I just ran across an article from last week about medical tourism in India, “India Medical Tourism in Troubled Times,” from August 21. As I’ve noted before, medical tourism can be a great value for uninsured self-pay patients as well as those with alternate forms of health insurance like a fixed benefit or critical illness policy.
The article discusses some of the current opportunities and challenges for both patients and providers. One thing that medical tourists to Indi will benefit from is a falling rupee:
“The current downward slide and expected collapse of the Indian rupee creates fresh opportunities for medical tourists to consider India for their medical treatment.
For the next year, many people may have a window of opportunity to save even more money for particularly costly medical procedures such as open heart surgery…”
…The cost of having a medical treatment in India, for most medical tourists, is now less than it was a year ago, and much less than it was five years ago.
A medical procedure that cost a medical tourist US $10,000 in 2009 would today cost $7,000 – a 30 per cent difference.”
On the downside, getting a visa to travel to India as a medical tourist is apparently a bit of a hassle. The article notes:
“Getting a medical visa to India is a cumbersome process that is invasive of patient privacy, is more expensive, and is not even available to many people who come to India for treatment, specifically to many who come from Africa.
Prathap C Reddy, founder of the Apollo Hospitals chain gave an interview to the Economic Times in which he held nothing back. The medical visa, valid for one year, requires patients to register with the Foreigner Regional Registration Office within two weeks of their arrival, a process that is “insulting” and physically taxing for people suffering from serious health problems, Reddy said.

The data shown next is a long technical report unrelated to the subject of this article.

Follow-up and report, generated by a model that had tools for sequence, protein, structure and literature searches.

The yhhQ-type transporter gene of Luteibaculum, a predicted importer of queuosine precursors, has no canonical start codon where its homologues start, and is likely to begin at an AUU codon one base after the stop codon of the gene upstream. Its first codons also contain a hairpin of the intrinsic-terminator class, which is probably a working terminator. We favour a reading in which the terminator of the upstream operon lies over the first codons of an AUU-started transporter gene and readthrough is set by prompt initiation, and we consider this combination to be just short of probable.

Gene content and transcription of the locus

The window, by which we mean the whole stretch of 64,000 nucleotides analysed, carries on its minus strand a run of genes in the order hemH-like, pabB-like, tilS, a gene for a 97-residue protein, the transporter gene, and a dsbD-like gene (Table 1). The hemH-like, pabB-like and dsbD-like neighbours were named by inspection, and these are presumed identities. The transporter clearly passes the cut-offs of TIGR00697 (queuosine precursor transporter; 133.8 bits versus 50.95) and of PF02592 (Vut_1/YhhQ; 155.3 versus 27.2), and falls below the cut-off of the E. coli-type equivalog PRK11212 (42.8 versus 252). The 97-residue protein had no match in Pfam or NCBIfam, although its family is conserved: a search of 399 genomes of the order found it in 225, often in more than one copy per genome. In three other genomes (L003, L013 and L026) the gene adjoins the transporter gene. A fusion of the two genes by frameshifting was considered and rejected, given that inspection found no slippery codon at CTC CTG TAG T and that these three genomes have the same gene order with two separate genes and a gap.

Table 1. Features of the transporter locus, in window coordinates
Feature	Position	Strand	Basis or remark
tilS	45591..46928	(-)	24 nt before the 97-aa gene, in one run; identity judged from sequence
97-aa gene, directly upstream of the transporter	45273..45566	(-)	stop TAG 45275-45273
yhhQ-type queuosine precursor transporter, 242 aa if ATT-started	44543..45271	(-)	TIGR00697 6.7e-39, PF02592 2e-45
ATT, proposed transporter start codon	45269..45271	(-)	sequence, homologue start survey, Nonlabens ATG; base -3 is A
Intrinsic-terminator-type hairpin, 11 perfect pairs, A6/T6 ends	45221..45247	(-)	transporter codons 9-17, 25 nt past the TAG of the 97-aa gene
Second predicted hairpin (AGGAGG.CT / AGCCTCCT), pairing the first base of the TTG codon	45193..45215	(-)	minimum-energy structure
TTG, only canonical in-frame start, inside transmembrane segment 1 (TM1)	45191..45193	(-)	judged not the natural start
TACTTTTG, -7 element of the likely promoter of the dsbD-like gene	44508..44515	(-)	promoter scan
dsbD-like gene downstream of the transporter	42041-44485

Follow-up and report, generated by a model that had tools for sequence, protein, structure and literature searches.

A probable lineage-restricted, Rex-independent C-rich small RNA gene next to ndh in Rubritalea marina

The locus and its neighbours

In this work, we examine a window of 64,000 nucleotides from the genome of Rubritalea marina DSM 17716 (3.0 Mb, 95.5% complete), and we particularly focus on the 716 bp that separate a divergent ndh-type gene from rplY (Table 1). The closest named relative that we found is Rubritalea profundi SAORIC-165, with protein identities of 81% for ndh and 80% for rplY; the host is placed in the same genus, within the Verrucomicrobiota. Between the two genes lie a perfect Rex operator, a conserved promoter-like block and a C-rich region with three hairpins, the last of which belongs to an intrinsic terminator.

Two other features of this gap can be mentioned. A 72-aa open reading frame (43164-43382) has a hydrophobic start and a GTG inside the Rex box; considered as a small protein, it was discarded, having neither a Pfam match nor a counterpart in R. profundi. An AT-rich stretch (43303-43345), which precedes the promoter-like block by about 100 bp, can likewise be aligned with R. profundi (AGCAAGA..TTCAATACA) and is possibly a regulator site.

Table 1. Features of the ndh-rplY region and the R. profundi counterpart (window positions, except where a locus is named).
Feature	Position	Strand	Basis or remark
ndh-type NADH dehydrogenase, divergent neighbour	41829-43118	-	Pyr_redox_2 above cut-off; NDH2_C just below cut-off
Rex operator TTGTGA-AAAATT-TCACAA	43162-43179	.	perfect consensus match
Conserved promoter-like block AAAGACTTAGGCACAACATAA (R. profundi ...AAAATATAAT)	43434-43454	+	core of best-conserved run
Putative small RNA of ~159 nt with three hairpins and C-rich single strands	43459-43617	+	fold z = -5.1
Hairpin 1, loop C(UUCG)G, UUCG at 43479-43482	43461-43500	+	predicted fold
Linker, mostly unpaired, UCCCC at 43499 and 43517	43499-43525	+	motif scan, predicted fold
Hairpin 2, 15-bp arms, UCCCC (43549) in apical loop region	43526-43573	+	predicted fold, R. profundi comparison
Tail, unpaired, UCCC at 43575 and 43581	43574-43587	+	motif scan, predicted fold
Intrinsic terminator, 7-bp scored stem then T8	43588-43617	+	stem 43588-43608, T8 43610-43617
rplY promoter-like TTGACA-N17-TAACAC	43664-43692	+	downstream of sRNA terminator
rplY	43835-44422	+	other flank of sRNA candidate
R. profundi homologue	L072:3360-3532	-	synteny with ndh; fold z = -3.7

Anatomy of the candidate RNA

Reddy sees his business opportunities lie outside India, in Indonesia, Cambodia and Tanzania, because India’s visa policies are driving medical tourists to other countries in the region like Singapore and Thailand.
Finally, and probably most concerning, medical tourists to India (and elsewhere, obviously) need to make sure they’re dealing with reputable operators who hold to high standards of quality.
There continues to be little growth of professionalism among medical tourism companies and the hospitals that treat medical tourists.
Many individuals and businesses with little understanding or appreciation of the complexity of the medical tourism industry solicit customers from abroad.
Understanding of marketing principles that apply to medical tourism is limited. False advertising, lack of patient privacy, and ignorance of safety of medical tourists are widespread.
Care management of medical tourists that protects their safety and good treatment outcomes is virtually non-existent.
On the last point, the Medical Travel Quality Alliance has put together some questions for medical tourists to consider when looking to become a medical tourist.
7 questions medical tourists must ask
1. Who is brokering the deal, and what are their credentials?
2. Is the facility accredited or otherwise distinguished professionally?
3. What verifiable information do I have about the surgeons?
4. Who wrote the testimonials?
5. How was the doctor recommended to the company?
6. Is the procedure I am seeking illegal at home?
7. How do I cancel?
I’m generally a fan of medical tourism (there are domestic options as well, such as those facilitated by MediBid and North American Surgery), but there are some obvious downsides as well. If you are considering traveling to receive treatment, do your homework!
- Medical tourism by C. Virginia Lee, Victor Balaban (intlhealthcare.wordpress.com)